Collaboration Encourages Solar Energy Growth

Local and State Affiliation Yields National Recognition

Post Date:05/11/2017 10:33 AM

Orange County and the Towns of Chapel Hill and Carrboro, in collaboration with the NC Clean Energy Technology Center (NCCETC) at NC State University, have each earned a Bronze level designation into the SolSmart program, a U.S. Department of Energy initiative that provides official recognition and expert technical assistance to help communities expand solar energy development. Participation in SolSmart indicates these communities have taken steps to grow the local solar market by making solar more affordable for residents and businesses while encouraging new economic development and jobs.

Funded by the U.S. Department of Energy SunShot Initiative, SolSmart recognizes communities that adopt programs and practices that reduce barriers and lower the costs of going solar. SolSmart is administered by a team of national experts led by The Solar Foundation and the International City/County Management Association.

“We are especially pleased to have the opportunity to work in our own backyard, so to speak, and utilize our policy and training expertise to support these local clean energy efforts,” said Steve Kalland, NCCETC’s executive director. “It’s great that these three communities had the interest and foresight to leverage their common interests to work cooperatively on this initiative and that the Solar Foundation selected the NC Clean Energy Technology Center to serve as their local technical advisors.”

SolSmart grants designation to cities and counties at the gold, silver and bronze levels. Designation is based on a system of prerequisites and points that shows communities have met uniform, national criteria for encouraging solar market growth. The three Bronze designees intend to continuing working towards silver and gold designation over the coming months.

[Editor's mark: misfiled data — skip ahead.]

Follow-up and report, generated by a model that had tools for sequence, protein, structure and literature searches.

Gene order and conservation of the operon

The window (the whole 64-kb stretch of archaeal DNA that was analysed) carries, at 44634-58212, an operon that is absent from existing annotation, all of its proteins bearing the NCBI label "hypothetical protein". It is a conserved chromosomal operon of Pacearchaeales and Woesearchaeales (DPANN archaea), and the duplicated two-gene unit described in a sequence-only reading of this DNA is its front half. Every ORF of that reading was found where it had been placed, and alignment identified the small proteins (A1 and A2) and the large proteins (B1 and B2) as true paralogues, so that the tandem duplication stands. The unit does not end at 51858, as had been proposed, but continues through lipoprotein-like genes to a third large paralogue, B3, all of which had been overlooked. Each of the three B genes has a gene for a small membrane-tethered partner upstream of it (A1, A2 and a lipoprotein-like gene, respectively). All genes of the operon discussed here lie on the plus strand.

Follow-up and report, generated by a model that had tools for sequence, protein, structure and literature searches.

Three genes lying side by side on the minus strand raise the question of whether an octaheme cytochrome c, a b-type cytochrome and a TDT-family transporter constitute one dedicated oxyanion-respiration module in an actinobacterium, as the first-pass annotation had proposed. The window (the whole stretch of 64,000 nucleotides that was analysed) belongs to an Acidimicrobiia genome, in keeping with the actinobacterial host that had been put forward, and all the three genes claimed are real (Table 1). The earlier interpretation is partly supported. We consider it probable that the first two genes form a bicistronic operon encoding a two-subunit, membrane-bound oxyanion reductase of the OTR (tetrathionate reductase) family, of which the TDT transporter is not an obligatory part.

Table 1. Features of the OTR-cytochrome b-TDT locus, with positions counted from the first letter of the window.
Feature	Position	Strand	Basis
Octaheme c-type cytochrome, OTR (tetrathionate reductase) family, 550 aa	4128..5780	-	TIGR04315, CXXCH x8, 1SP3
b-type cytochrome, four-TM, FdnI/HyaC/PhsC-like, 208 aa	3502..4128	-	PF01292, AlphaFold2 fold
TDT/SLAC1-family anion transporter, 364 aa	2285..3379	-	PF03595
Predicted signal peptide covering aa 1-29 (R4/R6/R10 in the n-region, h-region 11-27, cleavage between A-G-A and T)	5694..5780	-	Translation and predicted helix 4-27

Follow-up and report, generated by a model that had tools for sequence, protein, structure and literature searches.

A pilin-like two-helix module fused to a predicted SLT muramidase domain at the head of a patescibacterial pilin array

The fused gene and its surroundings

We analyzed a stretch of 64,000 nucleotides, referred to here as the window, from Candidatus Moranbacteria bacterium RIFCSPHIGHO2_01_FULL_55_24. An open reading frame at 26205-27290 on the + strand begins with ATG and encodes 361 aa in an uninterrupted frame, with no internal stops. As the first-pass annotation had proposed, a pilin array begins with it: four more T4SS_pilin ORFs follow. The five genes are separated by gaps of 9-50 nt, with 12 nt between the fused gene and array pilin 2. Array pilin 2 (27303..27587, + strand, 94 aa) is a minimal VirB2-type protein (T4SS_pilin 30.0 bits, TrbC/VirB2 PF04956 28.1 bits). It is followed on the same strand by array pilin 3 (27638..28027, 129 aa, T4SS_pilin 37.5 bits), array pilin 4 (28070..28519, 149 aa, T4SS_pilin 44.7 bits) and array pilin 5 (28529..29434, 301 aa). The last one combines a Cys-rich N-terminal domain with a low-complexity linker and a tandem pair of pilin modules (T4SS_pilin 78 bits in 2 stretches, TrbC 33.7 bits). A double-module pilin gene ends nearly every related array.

To receive SolSmart designation, communities must take action to reduce solar “soft costs,” which are non-hardware costs that can increase the time and money it takes to install a solar energy system. Reducing these costs leads to savings that are passed on to consumers. Examples of soft costs include planning and zoning; permitting, interconnection, and inspection; financing; customer acquisition and installation labor.  

As part of their bronze designations Orange County, Chapel Hill and Carrboro are collaborating with the NCCETC on two training workshops for local governments: New Trends in Solar Permitting and Inspections and Solar Fire and Safety. Each of the three communities have also developed an online checklist for solar permitting in their communities. “We are pleased to have the opportunity to work closely with Chapel Hill and Carrboro and hope to continue our mutual interests in supporting cleaner, safer communities,” remarked Brennan Bouma, Orange County Sustainability Coordinator.  

SolSmart provides no-cost technical assistance from a team of local and national solar experts to help cities and counties achieve designation. The NCCETC is working with the three Triangle communities to continue their efforts to adopt programs and processes that will lower soft costs and encourage solar energy growth. A SolSmart designation is a signal that a community is “open for solar business,” offering public recognition that the community is a favorable place for solar energy growth. SolSmart is open to all cities and counties across the nation. Other communities seeking to join the program can learn more at